On our full day on Don Khon island, we rode bikes to see the Irrawaddy dolphins, swim in a sandy beach on the Mekong and see the famous Somphamit waterfalls.
We had breakfast at Pan’s Restaurant just across the street from where we were staying, Pan’s Guesthouse. It was pretty basic: eggs, baguettes and fresh fruit.
We rented bikes from a shop next to our guesthouse. With a rudimentary map of the 4 km wide Don Khon island, we forged west out of the main street and then south towards the old French Port where motorboats take tourists out to see the rare Irrawaddy dolphins who congregate in the Mekong between Laos and Cambodia.
It was another 100+ degree Fahrenheit day and we biked through dried rice paddies and forests.
The old French Port is a very dominating structure in an otherwise low key, sparsely populated area. It was used to accommodate large steamer ships transporting goods up the Mekong River. Nowadays it only serves small motorboats.
We paid a young boat driver to take us out to see the Irrawaddy dolphins.
We stayed in the middle of the particular section of the Mekong River for about 20 minutes. We saw at two separate times, a dolphin as it emerged out of the water to breathe. We heard the sounds of their blowholes expunging water. We were happy to see dolphins at all, however, each time was quite far away and we only saw their fins and half of their bodies for a couple seconds each.
We then headed back through the small islands back to Don Khon’s port.
We relaxed and had fruit shakes at a café above the port overlooking the river. The café had a sign noting this was the southernmost point in Laos.
Don Khon and Don Det islands used to have a railway connecting them to mainland Laos. French ships were unable to navigate up through the treacherous Somphamit waterfalls section of the river, therefore the French colonists had to build the railway to bypass the waterfalls and then reload the goods onto other ships waiting north of these islands. We took a picture in front of an old train engine left over from those colonial days.
Riding our bikes back north, we passed by a tiny village with a schoolhouse on stilts.
We then turned onto a westward road to reach a sandy beach. We walked a few steps through a rocky section and plunged into the water with our T-shirts on. Although the water was warm, it was heaven to our sweat-drenched sun-parched skin.
We relaxed in the natural fish spa as little fish started nibbling at our skin.
We swam across the river and back again. The current was very strong and we would end up on the other side of the river several meters downriver from where we started.
Then we relaxed in a yet another restaurant with fresh coconuts. The restaurant is run by a family: the mother lured us in and prepared the coconut, her young daughter served us, the father was napping on a platform near us and their toddler son provided us with entertainment. The little boy was interested in my mosquito repellent wristband and my sunglasses case. I then showed him my cell phone and nothing else mattered of course. He took about 40 selfies in a row of just his forehead on my phone.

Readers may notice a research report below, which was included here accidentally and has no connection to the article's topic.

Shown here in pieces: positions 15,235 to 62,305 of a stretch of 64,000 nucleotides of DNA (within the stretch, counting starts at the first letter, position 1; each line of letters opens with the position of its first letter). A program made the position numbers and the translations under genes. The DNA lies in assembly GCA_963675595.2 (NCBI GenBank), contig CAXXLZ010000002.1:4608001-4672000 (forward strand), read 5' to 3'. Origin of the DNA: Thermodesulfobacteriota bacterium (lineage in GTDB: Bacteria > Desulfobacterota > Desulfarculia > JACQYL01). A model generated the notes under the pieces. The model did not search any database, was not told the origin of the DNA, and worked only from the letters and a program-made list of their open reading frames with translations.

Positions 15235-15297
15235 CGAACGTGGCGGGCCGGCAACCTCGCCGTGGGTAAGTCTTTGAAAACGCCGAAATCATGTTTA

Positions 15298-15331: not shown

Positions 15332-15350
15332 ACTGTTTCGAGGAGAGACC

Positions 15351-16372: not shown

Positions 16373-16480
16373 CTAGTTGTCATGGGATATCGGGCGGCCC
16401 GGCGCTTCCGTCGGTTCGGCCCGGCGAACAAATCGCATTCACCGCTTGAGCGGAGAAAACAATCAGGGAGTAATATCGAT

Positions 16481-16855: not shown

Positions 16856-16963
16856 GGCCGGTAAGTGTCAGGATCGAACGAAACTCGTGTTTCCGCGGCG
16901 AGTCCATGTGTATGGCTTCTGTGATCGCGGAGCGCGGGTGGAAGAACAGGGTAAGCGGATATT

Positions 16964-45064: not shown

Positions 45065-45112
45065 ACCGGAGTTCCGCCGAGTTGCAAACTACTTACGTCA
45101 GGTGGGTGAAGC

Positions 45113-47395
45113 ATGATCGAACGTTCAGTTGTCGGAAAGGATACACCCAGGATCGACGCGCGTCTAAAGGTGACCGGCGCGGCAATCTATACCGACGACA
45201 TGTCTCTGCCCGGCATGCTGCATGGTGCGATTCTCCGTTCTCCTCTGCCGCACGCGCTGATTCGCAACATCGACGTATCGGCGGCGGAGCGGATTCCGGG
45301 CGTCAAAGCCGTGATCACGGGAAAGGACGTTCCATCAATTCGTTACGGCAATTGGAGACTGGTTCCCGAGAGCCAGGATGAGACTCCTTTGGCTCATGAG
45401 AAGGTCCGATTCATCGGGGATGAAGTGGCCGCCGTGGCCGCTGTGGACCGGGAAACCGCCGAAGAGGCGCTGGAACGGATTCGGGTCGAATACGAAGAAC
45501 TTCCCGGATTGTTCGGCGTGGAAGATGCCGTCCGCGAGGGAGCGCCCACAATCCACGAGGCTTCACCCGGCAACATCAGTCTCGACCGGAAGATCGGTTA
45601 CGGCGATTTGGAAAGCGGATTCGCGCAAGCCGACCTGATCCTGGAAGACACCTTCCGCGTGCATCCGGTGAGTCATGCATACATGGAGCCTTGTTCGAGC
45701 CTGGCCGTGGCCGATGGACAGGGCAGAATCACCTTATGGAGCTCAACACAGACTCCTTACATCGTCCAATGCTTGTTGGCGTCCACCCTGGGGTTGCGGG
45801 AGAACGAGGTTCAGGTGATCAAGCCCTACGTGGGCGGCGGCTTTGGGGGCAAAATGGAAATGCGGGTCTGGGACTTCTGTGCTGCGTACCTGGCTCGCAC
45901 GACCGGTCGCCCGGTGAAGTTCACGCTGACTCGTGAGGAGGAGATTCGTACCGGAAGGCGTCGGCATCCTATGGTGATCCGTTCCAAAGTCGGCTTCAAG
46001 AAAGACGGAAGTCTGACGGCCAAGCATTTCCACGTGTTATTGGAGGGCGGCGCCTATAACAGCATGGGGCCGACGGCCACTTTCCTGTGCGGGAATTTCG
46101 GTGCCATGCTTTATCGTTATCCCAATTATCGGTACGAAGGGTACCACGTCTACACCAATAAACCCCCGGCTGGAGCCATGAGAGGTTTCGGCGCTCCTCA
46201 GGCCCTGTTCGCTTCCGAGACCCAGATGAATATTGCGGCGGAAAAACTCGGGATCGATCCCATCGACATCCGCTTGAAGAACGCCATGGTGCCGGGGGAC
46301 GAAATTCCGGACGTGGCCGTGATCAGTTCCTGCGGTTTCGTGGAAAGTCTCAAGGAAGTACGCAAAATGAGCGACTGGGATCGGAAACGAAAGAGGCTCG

Then the little boy eyed my coconut. I scooped up coconut meat and fed it to him. He chewed on the coconut happily. After a few scoops of this, he decided to pay it forward and feed coconut to the dog, who was less enthusiastic.
I had a hard time getting my phone back from this boy as I introduced him to the game Two Dots. Here he is with his sister on a hammock. Their dad is still sleeping behind them.
The next stop on our bike tour was Somphamit waterfalls. The falls are also located on the west side of the island, on the north. We paid for admission tickets and walked into the large park. We saw a pack of the largest turkeys I have ever seen. Some of them were quite beautiful (for turkeys).
The waterfalls were impressive. They came rushing off of rocks in all directions, converging into the wide flow at the base.
We walked along the rapids until we arrived at the Oasis Restaurant and “beach bar.” We finally got lunch and more fruit shakes! There were hardly anyone there so we occupied this entire bungalow overlooking the rapids. We vegetated here for more than an hour, too hot to move.
We had a long walk to the sandy beach since it is dry season and the waterline receded a lot. Here Maurice is standing at a shallow pool with the river behind.
We could not wait to jump into the water again since it was too hot for us to function on land. The current was much stronger here than at the previous beach since we were immediately downstream from the Somphamit waterfalls. Maurice demonstrates his Olympian swimming skills on the river. Michael Phelps who?
We showered off at the beach bar’s outdoor shower after swimming. Then we biked through the farms back to town.
A herd of cows grazed on the dry grass.
On the way back to town, there was loud music emanating from the local Buddhist temple Wat Khon Tai. We walked in to explore.
There seemed to be a festival going on. Monks were blessing people on the left. People were eating barbecue on the right. Loud music blared from three separate areas. All were playing different songs, of course.
We enjoyed another sunset on the Mekong.
The main stretch of Don Khon does not have many restaurants. We liked Lao Long restaurant where we ate lunch and dinner yesterday and decided to go there for dinner again. Maurice got the noodle soup in a bowl so big you can wash your face in it.